My end goal is to be a Systems Developer for Servers (however long that will take to be). I didnt mean superior as a whole because if I compared to Ubuntu it is superior in desktop ease of use. However, thats not what I need. I only meant for "simplicity sake". I think it would be best for a "systems developer" to keep things "simple". I have heard this is where Slackware stands apart from other distros. Slackware has a SIMPLE design which makes things quicker and faster for a systems developer which I agree. But does that mean that "Redhat" is less Simple? Honestly, I don't know from personal use and that is what I want to know. If someone can just show me why redhat does not carry the beauty of Slackwares simplicity that will end my doubts from the back of my skull. But all I here is that it is more Simple without an explanation. From my personal use in terminal I could'nt spot that. Yes, there is a difference in rpm but its just like slackpkg to a degree not much different. Also the Sys V init structure doesnt seem to get in the way with me. I just want more knowledge thats all.

Also another difference I can spot is that Slackware is more "user centric" as opposed to Redhat being more "system centric" however for a systems engineer this does not make a big difference as does "simplicity".

Mercury305 07-12-2012 04:16 PM

Quote:

Originally Posted by ReaperX7 (Post 4726391)
Actually for me when I started out on Linux, I started with other distributions like Mandrake, Red Hat, SuSE, etc. and found them extremely annoying and hard to use. I tried Slackware out and found it extremely easy to use.

Root login allows you so much freedom to self-administrate the system at the foundation level. You have real control, not a pseudo-control level.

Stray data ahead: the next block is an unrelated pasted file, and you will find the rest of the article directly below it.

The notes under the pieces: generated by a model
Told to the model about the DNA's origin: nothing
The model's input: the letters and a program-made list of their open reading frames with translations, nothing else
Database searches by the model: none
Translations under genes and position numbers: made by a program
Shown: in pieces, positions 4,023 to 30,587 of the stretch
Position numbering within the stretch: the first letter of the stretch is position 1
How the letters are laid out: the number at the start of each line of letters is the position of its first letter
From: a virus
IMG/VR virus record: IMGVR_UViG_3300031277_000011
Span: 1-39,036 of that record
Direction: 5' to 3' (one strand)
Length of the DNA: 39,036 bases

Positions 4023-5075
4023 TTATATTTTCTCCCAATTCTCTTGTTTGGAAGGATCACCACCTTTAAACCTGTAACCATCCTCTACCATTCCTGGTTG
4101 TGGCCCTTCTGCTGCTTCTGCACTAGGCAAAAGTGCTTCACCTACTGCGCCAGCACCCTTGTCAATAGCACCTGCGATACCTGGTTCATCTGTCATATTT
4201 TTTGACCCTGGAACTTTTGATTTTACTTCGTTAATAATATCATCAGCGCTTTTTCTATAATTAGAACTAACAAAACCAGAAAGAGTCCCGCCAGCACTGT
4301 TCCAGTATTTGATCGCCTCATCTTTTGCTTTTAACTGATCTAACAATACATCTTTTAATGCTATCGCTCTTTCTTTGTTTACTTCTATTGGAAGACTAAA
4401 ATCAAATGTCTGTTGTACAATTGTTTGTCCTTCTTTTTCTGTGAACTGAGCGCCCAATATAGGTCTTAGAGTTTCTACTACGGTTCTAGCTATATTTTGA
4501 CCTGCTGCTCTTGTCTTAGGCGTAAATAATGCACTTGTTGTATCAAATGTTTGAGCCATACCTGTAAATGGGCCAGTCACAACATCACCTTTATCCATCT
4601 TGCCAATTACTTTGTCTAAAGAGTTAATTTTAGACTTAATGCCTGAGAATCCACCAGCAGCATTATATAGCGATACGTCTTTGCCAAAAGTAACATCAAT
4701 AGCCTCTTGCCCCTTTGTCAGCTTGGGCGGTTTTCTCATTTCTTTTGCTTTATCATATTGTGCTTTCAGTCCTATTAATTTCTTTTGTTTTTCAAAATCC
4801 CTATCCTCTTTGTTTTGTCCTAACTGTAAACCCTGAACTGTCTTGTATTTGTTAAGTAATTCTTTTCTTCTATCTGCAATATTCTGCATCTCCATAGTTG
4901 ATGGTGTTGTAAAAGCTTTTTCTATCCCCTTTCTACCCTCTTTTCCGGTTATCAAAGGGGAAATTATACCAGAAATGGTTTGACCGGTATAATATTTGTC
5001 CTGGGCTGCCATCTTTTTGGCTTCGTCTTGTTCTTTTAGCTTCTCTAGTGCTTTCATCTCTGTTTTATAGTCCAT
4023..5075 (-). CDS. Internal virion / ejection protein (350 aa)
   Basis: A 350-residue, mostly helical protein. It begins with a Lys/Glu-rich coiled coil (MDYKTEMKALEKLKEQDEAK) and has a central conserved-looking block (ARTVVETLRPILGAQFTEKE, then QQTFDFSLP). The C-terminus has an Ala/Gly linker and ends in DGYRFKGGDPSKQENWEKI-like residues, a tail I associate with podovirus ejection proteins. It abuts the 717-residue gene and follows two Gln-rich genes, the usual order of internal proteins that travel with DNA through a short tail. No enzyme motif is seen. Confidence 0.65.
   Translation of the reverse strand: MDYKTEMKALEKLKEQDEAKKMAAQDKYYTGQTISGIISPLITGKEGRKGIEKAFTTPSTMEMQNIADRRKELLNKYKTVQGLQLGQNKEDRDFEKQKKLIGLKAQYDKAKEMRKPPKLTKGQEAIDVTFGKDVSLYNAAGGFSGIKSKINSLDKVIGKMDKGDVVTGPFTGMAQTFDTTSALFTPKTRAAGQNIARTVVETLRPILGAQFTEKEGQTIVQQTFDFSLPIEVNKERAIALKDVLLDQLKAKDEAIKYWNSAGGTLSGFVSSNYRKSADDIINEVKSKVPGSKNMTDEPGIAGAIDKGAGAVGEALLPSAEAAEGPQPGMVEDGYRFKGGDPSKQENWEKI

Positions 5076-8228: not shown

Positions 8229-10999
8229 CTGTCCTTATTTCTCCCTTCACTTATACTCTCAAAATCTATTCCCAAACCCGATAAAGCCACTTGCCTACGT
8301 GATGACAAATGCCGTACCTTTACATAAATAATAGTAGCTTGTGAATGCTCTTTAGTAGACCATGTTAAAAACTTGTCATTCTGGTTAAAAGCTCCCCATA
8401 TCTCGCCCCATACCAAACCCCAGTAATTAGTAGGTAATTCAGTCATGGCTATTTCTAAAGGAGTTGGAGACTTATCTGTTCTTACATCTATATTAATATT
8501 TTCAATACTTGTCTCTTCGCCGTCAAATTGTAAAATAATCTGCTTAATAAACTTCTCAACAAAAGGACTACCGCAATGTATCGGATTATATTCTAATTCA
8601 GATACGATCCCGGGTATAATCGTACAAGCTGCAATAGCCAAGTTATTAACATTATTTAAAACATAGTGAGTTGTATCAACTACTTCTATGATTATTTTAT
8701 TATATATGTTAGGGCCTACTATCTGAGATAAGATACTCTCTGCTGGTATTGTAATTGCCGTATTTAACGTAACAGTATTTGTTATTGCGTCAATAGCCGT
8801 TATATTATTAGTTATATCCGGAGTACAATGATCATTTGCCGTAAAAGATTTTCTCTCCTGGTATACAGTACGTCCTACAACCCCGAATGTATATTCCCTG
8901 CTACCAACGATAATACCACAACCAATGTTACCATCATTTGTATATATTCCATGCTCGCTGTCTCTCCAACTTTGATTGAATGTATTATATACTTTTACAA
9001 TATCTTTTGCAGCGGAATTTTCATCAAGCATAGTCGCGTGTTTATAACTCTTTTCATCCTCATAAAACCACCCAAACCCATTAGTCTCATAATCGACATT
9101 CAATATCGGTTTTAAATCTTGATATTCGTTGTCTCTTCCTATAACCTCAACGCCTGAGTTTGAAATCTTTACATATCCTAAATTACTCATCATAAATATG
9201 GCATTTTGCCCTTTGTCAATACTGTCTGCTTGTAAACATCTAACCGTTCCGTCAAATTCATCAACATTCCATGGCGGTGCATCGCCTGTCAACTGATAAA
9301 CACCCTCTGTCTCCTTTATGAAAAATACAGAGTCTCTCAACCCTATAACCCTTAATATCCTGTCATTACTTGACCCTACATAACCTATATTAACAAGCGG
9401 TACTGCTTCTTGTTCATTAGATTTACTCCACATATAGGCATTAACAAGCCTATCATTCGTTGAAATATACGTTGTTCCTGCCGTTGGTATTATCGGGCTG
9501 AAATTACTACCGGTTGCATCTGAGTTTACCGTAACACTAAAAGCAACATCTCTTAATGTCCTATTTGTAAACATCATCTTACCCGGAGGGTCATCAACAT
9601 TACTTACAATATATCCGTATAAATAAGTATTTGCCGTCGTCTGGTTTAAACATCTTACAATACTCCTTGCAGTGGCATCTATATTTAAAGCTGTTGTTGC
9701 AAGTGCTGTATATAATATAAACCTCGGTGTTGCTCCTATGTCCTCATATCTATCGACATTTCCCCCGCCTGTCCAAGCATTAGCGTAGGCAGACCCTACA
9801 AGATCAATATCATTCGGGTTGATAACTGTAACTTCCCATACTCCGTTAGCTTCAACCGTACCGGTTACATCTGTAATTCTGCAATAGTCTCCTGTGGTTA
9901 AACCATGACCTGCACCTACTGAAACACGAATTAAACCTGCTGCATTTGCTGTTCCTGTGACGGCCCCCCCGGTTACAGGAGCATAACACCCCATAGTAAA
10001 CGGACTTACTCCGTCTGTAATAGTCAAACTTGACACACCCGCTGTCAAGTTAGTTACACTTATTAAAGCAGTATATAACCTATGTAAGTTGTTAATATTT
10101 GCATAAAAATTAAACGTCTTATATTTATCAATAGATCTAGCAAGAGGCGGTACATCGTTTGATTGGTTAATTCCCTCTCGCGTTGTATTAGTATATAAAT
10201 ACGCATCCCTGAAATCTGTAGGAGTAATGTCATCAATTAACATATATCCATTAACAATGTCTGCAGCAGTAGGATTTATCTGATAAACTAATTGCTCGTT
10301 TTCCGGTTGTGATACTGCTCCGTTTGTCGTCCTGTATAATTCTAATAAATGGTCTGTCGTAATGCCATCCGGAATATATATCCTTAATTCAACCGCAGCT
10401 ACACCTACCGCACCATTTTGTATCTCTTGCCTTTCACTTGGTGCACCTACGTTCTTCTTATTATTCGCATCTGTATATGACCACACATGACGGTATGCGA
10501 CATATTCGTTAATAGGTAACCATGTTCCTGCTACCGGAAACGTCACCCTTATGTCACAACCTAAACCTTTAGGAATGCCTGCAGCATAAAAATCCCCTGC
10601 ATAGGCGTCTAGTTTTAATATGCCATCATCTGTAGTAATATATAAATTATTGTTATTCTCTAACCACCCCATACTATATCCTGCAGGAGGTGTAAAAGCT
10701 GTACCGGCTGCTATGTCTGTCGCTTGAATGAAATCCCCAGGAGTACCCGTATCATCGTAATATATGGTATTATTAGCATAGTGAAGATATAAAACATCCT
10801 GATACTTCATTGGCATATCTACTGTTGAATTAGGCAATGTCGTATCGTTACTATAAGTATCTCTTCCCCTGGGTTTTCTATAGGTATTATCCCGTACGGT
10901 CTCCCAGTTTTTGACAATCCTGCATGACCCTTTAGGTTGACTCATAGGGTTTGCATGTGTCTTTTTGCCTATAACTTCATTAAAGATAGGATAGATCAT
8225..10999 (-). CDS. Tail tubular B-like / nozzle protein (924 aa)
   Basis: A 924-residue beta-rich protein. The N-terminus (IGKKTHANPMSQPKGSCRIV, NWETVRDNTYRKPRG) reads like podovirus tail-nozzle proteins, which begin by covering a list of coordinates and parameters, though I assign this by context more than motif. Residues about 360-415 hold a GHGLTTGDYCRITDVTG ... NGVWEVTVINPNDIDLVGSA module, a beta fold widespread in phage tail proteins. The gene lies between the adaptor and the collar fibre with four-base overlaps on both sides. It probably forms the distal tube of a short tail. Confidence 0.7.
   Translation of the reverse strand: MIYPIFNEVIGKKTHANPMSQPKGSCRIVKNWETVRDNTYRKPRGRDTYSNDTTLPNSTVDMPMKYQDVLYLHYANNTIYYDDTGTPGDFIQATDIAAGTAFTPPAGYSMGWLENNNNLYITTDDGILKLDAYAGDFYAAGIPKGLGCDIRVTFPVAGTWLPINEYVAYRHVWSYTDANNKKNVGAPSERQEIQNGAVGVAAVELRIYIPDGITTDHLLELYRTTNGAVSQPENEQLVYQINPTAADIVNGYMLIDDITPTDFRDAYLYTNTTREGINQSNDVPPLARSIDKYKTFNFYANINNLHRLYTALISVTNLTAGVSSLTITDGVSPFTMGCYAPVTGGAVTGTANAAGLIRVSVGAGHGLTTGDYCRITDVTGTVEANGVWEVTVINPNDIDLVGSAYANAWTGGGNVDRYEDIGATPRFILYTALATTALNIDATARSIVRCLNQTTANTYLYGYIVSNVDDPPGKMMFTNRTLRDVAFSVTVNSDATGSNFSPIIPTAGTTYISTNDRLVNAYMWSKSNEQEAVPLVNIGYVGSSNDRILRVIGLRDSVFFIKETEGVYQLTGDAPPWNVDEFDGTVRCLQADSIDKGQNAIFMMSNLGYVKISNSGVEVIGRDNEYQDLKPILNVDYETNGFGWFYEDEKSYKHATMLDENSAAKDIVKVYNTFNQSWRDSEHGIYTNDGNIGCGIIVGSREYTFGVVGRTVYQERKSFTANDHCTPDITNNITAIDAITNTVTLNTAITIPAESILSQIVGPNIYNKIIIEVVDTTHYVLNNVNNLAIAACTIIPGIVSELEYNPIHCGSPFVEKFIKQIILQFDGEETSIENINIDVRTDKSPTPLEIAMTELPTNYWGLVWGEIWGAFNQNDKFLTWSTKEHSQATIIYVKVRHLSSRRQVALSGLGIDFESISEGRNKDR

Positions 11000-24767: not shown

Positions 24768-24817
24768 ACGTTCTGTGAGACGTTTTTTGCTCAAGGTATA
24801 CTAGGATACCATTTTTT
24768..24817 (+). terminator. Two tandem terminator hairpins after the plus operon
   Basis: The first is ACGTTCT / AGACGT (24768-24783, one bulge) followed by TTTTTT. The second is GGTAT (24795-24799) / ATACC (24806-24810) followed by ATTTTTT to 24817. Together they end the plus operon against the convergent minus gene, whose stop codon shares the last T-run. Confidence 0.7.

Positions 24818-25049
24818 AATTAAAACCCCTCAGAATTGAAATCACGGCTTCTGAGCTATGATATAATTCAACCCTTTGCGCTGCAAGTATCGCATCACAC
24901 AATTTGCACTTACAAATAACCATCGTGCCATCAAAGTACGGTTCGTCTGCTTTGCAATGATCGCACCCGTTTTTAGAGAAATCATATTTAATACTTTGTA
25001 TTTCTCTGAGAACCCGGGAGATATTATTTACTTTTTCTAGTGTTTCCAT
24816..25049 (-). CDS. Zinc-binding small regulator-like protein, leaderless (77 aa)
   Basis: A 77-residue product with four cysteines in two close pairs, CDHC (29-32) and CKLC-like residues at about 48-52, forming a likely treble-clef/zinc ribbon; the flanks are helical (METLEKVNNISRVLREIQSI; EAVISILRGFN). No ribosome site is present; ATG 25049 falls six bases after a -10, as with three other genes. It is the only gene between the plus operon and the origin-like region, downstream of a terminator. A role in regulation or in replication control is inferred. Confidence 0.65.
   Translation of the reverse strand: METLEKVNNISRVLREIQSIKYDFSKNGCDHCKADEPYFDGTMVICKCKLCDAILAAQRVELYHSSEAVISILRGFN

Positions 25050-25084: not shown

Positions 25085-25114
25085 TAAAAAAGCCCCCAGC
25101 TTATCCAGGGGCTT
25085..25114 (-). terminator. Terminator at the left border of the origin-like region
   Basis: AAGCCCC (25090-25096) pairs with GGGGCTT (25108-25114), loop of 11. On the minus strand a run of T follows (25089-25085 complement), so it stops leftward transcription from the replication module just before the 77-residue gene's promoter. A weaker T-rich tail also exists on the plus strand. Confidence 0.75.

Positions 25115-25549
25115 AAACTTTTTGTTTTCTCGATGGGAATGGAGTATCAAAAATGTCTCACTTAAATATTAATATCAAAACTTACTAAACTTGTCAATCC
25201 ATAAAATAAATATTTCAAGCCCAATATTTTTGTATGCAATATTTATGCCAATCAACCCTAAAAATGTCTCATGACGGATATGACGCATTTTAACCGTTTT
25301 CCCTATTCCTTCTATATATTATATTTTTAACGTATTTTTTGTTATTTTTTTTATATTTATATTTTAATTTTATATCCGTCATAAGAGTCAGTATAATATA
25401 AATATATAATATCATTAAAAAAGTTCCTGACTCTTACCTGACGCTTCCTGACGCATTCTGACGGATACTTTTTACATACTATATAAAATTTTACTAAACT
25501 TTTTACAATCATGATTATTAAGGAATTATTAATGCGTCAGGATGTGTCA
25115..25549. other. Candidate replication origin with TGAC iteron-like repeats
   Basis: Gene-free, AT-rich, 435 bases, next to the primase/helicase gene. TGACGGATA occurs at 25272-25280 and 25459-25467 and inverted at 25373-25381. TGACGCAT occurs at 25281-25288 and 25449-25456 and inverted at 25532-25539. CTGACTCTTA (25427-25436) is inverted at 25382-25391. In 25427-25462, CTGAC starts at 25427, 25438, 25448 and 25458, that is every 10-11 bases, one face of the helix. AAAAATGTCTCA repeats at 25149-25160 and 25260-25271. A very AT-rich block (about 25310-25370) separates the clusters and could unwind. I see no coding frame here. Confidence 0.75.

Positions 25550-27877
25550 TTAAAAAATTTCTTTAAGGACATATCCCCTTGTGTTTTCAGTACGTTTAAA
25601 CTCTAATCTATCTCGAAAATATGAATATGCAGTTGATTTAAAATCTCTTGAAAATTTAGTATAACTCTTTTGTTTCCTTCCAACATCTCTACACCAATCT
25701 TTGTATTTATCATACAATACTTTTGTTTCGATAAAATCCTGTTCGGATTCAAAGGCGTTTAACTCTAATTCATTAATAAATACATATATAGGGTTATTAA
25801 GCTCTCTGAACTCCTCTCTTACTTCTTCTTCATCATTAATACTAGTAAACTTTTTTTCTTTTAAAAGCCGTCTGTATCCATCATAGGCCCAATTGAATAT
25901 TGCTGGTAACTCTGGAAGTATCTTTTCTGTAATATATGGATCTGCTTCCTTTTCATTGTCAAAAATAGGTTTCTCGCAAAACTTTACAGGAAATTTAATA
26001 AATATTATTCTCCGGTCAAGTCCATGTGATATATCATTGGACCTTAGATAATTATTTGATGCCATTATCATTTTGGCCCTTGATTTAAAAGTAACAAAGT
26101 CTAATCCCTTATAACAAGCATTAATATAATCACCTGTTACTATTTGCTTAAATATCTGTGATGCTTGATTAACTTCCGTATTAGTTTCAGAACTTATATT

The more simplistic a design a system is, the easier it is to use. Slackware's philosophy has been always that. KISS - Keep It Stupidly Simple. Slackware comes with all it needs out of the box for a general usage. The rest is up to you, and with the additions from SlackBuilds.org, you can semi-tailor make all the software you'll need for your system.

It's about like dealing with PC-BSD. It comes with everything you need, doesn't include bloat, and just works. Slackware just has better driver support.:p

I totally agree with you. Might I mention Slackware was the first distro I used back in 1998 LOL... I had a long computer break since then. I still remember using Redhat and prefering Slackware to it. However times have changed and now when I use CentOS I am less of a complainer as I used to be it didnt seem as complex using it when I tried it out. Everyone including you are telling me Slackware is more SIMPLE to use then Redhat. Can you please explain why you feel so with examples? To me simplicity and UNIX Philosophy is very important if not most important on my list.

Didier Spaier 07-12-2012 04:24 PM

Quote:

Originally Posted by Mercury305 (Post 4726395)
My end goal is to be a Systems Developer for Servers (however long that will take to be)

Then I don't see the purpose of this thread, as you should be(come) fluent in any distribution anyhow and able to configure it properly.

ruario 07-12-2012 04:25 PM

@Mercury305: Read my first link above. I think it answers some of your questions. Whilst I compare Slack to Ubuntu the comparison would be equally valid with Red Hat.

All that said, if I were you I would learn Red Hat (via CentOS). I used to work at Gartner and I can tell you from my experience speaking with their clients (typically pretty large organisations) it really does dominate the enterprise computing market.

Mercury305 07-12-2012 04:28 PM

Quote:

Originally Posted by Didier Spaier (Post 4726407)